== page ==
I was not a grown-up until Stella arrived. That much is true, Rosen. But I that’s about it.
This will sound familiar, perhaps. Three or four times a day, I get down on my hands and knees and clean up the five square feet of food debris that was left behind by Stella, as if a miniature pasta squall hit that area of the kitchen, and then I wipe down the high chair tray. Then the table in front of her chair, because the edible storm inevitably spills over. This act is one small example of the million little chores/rituals a parent comes to know. And I have to admit, that until recently, I really only thought of it as a drag. A pain in the ass that I would often put off for a little while. That’s not really true anymore. Something has shifted. And I think it had something to do with an episode of Oprah, the one featuring Stephanie of NieNie Dialogues.
Stephanie is a wonderfully positive, sweet, talented, and popular mommy blogger who, about a year ago, suffered severe burns on 80 percent of her body when the small plane her husband was co-piloting crashed. As viewers, we got a glimpse into her daily life, how she struggles with intense pain and can’t pick up and embrace her children, yet she continues to enjoy, relish, and appreciate the big and small tasks of motherhood. My revelation crystallized when Oprah said, to a mother who’d been feeling really resentful and bored by her role as a stay-at-home mom, that making lunch for your child, along with all the other duties of motherhood, is sacred work.
It hit me. I saw the frustration, complaining and, yes, boredom I’ve experienced over the last year in a new way. I’m evolving, slowly and, in my typical style, awkwardly. I am becoming a much less selfish person. I look back at some of my behavior from the days of Stella’s tube feeding, and I feel so sad. I was so worried about her, I couldn’t see straight. Mostly, my love for her and desire for her to be healthy and at her best drove my emotion and reactions. But I think there was a small part of me, I’m ashamed to say, that also saw it as an inconvenience and as a way in which Stella was “not right.” Man, I’m having a hard time holding myself together right now. I think my panic was somewhat to blame on immaturity and impatience, and because I was unaccustomed to real sacrifice–certainly not the level of sacrifice that our situation demanded. I made the sacrifices. In fact, I went over the top. But I suppose I didn’t handle it very well at times. I’ve just begun to reassess that time in Stella’s life and my own, and there is still more to learn. It’s eye-opening, to say the least.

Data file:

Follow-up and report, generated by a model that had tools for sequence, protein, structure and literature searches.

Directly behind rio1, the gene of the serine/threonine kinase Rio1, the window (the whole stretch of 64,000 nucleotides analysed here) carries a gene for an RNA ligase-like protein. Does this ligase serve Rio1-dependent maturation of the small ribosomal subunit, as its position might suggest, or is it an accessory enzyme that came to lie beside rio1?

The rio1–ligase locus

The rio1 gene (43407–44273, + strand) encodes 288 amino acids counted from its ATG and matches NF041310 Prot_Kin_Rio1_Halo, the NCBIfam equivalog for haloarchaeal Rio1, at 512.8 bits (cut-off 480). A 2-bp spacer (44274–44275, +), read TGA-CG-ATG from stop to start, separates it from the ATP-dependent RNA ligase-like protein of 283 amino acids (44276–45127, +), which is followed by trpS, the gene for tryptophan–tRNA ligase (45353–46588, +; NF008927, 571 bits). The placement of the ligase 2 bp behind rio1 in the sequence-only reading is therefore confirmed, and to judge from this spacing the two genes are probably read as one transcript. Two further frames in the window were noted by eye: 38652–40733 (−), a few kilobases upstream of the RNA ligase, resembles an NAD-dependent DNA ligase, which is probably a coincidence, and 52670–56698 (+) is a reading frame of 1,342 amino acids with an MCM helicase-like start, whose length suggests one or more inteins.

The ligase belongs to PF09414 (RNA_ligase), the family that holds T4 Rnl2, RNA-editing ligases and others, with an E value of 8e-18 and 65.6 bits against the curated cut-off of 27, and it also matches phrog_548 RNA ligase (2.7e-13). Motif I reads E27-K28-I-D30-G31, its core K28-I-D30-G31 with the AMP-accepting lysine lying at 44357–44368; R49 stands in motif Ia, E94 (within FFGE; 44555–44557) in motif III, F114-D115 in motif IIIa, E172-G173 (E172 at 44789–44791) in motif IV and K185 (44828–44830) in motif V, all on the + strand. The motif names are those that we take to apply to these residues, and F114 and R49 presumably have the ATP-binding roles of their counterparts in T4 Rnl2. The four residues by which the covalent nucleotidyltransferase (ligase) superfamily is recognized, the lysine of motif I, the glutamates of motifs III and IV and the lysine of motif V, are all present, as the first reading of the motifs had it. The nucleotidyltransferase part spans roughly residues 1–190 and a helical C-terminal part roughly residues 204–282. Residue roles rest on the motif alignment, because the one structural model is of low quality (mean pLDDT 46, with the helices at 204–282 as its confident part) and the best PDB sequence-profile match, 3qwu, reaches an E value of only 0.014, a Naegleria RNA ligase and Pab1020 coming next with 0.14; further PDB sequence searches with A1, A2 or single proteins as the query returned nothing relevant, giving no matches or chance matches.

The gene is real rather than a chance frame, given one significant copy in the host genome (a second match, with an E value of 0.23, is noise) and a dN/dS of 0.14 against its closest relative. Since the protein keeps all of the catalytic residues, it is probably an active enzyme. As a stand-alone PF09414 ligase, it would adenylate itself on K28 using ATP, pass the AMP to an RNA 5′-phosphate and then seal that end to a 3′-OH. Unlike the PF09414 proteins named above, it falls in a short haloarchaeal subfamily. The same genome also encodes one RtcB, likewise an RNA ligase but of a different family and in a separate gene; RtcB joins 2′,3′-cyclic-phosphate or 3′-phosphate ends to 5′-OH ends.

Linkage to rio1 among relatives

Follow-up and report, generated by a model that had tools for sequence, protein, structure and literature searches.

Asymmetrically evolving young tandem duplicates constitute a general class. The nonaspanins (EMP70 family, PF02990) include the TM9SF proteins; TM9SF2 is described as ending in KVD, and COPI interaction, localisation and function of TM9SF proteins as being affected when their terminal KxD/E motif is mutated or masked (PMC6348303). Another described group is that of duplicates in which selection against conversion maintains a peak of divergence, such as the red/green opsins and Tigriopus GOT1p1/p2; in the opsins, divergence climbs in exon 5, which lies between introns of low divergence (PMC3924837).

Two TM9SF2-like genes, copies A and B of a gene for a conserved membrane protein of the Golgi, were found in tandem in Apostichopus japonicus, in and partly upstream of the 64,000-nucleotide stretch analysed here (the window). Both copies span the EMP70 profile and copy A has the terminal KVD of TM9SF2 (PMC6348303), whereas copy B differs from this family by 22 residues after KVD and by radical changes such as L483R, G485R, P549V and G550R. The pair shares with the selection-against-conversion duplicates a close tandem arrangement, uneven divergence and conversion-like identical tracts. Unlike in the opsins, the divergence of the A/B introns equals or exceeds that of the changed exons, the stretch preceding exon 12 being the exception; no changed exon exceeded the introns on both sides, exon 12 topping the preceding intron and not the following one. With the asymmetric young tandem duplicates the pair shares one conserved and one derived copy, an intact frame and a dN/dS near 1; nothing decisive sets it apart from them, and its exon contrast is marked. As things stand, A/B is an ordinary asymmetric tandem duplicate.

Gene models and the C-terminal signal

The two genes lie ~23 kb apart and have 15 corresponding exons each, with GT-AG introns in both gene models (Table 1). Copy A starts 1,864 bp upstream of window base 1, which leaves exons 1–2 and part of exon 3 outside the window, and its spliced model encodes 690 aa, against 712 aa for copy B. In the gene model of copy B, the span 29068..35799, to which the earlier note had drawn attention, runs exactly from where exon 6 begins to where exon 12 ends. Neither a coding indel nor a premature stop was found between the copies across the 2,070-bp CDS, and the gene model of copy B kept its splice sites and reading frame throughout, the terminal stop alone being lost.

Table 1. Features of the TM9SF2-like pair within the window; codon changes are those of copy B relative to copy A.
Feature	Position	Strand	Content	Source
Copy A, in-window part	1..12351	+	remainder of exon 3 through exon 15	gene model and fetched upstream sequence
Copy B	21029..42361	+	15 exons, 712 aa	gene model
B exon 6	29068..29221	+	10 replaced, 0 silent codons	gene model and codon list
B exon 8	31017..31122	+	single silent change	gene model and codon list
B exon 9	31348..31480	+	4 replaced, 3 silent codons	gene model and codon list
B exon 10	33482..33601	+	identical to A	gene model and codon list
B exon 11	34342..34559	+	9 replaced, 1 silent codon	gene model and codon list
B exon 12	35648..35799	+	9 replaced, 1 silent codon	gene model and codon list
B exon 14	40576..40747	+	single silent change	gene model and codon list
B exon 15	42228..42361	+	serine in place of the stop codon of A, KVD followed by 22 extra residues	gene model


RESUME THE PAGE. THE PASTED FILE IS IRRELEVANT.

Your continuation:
I saw meal time, until recently, mainly as a source of stress, instead of the privilege that it is. The fact is, I get to be with, eat with, and play with Stella every day, all day. Yes, I need a break now and then to re-charge. And some major financial sacrifice was made in order to achieve this arrangement. But we are *just* fortunate enough to make it work, mainly because before Stella’s birth, we paid down all our debt and saved most of a down payment for our first home (still renting at the moment). Many mothers have absolutely no choice about whether to stay home with their children. I had a choice. So I get to make all of her meals, clean up after her to make sure she lives in a safe, tidy and pleasant environment, read to her endlessly, and see her smile a hundred times a day. (Her smile is a heat source, I swear. We no longer need to use our fireplace.)
Side note: Self-consciousness is kicking in again. This entire post, especially what follows, may come across as cheesy. I know I have a tendency to do that but I can’t help it! I’m not looking for sympathy or anything like that, just expressing myself. God, look what the haters have done to even us unknown mommy bloggers. We can’t say anything without over-analyzing and second-guessing our feelings and writing.
Last week I began to say to myself, whenever I felt reluctant to do my big clean-up during Stella’s long mid-day nap, “This is sacred work.” I said it again and again, and it took root. Bouncing her to sleep until our backs ached, inserting her NG tube, blogging about her adventures, the tough but ultimately necessary switch to formula, making her favorite pasta and beans, wiping smashed banana off her car seat, changing her poopy diapers… all the work I’ve done for Stella has been sacred. My life isn’t all about me, anymore, and frankly, it’s refreshing. Of course, there are still times when I think I’m going to go mad. I’m not a monk. (Stephanie, though Mormon, may secretly be one, however.) But I look back on all of these experiences with such fondness and from a whole new perspective. I am very lucky. I knew it all along. But now I really feel fullness of this truth. And yes, I’ll save some of it for my blog.